Center for Health Education & Well-Being
Center for Health Education & Well-Being
The Center for Health Education and Well-Being cultivates and supports holistic well-being for individuals, relationships, groups, and the JHU community at-large. As a result of programs, services, educational campaigns, leadership and engagement opportunities, students and learners will create positive habits and behaviors which will have a beneficial impact on academic success, personal development and long-term health and well-being.
A message for students from Center for Health Education and Well-Being (CHEW):
- The CHEW office is operating with usual business hours (8:30-5:00 PM, Monday-Friday) through phone and virtual meetings. To schedule a meeting, please send an email to firstname.lastname@example.org or connect with a staff member on the staff page.
- We invite you to attend our zoom office hours during the week to ask questions, gather resources, schedule additional appointments. All times are eastern standard time. If you need additional meeting options, please reach out to use via email at email@example.com. Click the appropriate date and time below and it will take you to the zoom waiting room where a staff member will be with you shortly.
- CHEW will offer individual telephone or Zoom (video) appointments to include health and well-being consultations. A CHEW staff member will set up the Zoom meeting and share the link with you, if that is the preferred option.
- If you have experienced a situation of intimate partner violence or sexual misconduct or have questions about a related situation, please call the office number at at 410-516-8396 and be sure to leave a phone number where you can reached. Discretion will be used when returning your call. If you are currently unsafe or need immediate attention, please call 911 or campus security at 410-516-4600. The Confidential JHU Sexual Assault Helpline can also be called at 410-516-8700 24/7, even during COVID-19 adjusted operations.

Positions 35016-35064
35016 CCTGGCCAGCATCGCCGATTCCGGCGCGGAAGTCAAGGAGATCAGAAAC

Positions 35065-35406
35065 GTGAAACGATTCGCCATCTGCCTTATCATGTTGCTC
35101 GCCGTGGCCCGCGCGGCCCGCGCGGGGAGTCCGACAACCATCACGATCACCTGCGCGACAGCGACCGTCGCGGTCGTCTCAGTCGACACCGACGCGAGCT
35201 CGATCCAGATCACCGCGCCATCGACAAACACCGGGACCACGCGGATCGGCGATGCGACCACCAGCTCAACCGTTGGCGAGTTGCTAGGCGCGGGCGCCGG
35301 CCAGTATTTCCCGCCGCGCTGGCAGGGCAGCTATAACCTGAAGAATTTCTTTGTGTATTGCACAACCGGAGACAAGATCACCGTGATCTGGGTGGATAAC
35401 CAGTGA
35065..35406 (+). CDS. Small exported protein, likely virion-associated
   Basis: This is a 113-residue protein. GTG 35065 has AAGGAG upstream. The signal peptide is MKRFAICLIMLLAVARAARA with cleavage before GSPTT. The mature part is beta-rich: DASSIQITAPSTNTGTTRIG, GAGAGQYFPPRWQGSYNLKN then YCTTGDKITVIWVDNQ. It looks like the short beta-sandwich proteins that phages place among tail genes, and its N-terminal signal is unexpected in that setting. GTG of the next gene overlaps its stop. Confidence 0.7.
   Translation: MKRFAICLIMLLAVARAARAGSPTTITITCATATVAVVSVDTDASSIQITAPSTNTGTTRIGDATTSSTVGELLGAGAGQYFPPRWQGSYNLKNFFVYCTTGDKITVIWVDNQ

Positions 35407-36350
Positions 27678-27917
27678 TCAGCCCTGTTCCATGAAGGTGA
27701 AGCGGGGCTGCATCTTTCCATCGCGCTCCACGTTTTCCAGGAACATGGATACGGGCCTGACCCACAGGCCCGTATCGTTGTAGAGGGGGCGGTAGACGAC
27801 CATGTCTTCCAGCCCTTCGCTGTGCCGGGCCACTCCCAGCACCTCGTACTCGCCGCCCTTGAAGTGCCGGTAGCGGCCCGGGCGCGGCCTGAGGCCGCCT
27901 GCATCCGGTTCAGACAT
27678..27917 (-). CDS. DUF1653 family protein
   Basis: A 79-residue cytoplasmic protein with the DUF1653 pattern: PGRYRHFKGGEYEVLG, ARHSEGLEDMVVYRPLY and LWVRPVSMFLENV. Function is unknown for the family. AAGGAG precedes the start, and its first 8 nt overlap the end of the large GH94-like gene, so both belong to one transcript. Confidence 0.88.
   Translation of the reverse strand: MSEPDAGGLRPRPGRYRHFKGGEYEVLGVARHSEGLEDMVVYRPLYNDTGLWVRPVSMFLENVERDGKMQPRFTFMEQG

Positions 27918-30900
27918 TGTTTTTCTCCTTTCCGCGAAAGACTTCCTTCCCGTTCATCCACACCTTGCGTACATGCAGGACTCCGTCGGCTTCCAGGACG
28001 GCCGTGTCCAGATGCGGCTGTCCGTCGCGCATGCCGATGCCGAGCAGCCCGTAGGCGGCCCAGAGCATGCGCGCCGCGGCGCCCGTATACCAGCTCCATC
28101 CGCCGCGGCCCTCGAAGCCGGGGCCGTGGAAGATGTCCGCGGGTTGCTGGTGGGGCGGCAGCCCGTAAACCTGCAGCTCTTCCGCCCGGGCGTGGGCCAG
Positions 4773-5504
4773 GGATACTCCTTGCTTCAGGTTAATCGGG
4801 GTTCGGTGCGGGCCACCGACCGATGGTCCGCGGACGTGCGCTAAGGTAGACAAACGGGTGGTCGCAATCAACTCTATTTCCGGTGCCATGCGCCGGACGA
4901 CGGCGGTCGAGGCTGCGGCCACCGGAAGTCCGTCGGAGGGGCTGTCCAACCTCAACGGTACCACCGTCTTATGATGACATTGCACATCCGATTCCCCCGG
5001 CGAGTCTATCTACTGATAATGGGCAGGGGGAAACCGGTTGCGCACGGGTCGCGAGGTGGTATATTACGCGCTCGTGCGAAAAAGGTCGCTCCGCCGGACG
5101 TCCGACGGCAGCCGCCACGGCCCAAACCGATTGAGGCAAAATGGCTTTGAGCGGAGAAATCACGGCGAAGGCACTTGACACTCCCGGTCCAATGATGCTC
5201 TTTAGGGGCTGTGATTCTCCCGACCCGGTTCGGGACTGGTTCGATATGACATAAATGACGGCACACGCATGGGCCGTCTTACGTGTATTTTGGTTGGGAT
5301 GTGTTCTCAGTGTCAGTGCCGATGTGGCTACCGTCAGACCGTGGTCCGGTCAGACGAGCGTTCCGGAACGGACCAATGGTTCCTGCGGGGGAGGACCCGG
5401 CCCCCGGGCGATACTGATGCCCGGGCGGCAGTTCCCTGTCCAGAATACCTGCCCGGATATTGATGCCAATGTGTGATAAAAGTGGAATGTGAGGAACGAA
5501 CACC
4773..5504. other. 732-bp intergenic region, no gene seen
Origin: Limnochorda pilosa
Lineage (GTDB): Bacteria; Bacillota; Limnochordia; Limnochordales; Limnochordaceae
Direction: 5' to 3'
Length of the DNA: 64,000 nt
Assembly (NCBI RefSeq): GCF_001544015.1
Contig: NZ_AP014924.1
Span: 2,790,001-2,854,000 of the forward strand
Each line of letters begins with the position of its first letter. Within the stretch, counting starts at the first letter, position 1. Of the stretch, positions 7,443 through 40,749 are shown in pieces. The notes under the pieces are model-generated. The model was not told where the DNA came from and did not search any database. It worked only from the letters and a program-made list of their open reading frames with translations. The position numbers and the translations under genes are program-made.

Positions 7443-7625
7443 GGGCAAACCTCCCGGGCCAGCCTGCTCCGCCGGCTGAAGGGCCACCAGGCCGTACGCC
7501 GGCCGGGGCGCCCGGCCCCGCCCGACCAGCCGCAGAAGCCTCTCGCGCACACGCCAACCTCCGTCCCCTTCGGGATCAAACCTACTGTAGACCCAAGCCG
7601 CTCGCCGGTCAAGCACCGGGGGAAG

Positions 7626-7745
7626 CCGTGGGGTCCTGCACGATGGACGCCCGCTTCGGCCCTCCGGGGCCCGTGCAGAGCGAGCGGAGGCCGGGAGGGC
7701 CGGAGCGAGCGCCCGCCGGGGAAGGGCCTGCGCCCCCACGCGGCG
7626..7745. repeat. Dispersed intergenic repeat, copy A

- Staff in CHEW are available to consult on virtual programs and services aligned with JHU Wellness as we are committed to adhering to university and CDC recommendations for social distancing.
- CHEW Staff are working diligently on adapting the Bystander Intervention Program to an online format and will reach out to students who have registered for sessions during the adjusted operation period.
You can also find resources and updated information on the university’s operations and response on our Hub COVID-19 Information Page.
CHEW is one component of multiple resources for health and well-being education. We are dedicated to making the most of teachable moments to influence student health practices. Some of the services we offer include:
- Customizable programs
- Wellness coaching
- Discounted condoms
- Free 5-7 minute seated back-rubs at sponsored campus events
The CHEW CREW, consisting of trained students, conducts a variety of programs that support and affirm student health and wellness through the delivery of fun and interactive programming. During the academic year, CHEW staff and its CREW of peer health educators can be found on campus providing information on various college health issues.
Information shared with CHEW staff and student leaders is kept private between the student and the facilitator. However, if the student indicates that they may harm themselves or others, or talks about an event reportable to The Clery Act, information may be disclosed as appropriate.
News & Announcements
Design concept selected for Hopkins Student Center
The concept, submitted by the international architectural firm Bjarke Ingels Group, features an open design with a large central campus living room, a variety of social spaces, themed community lounges, art and enrichment spaces, and dining options
Rec center reimagined with $27M expansion
The renovation of the O'Connor Center for Recreation and Well-Being includes new spaces for strength and cardio workouts, group activities, and student well-being
Toxic metals found in e-cigarette liquids
Researchers suspect heating coil in 'cig-a-like' devices may release carcinogens including nickel, lead, cadmium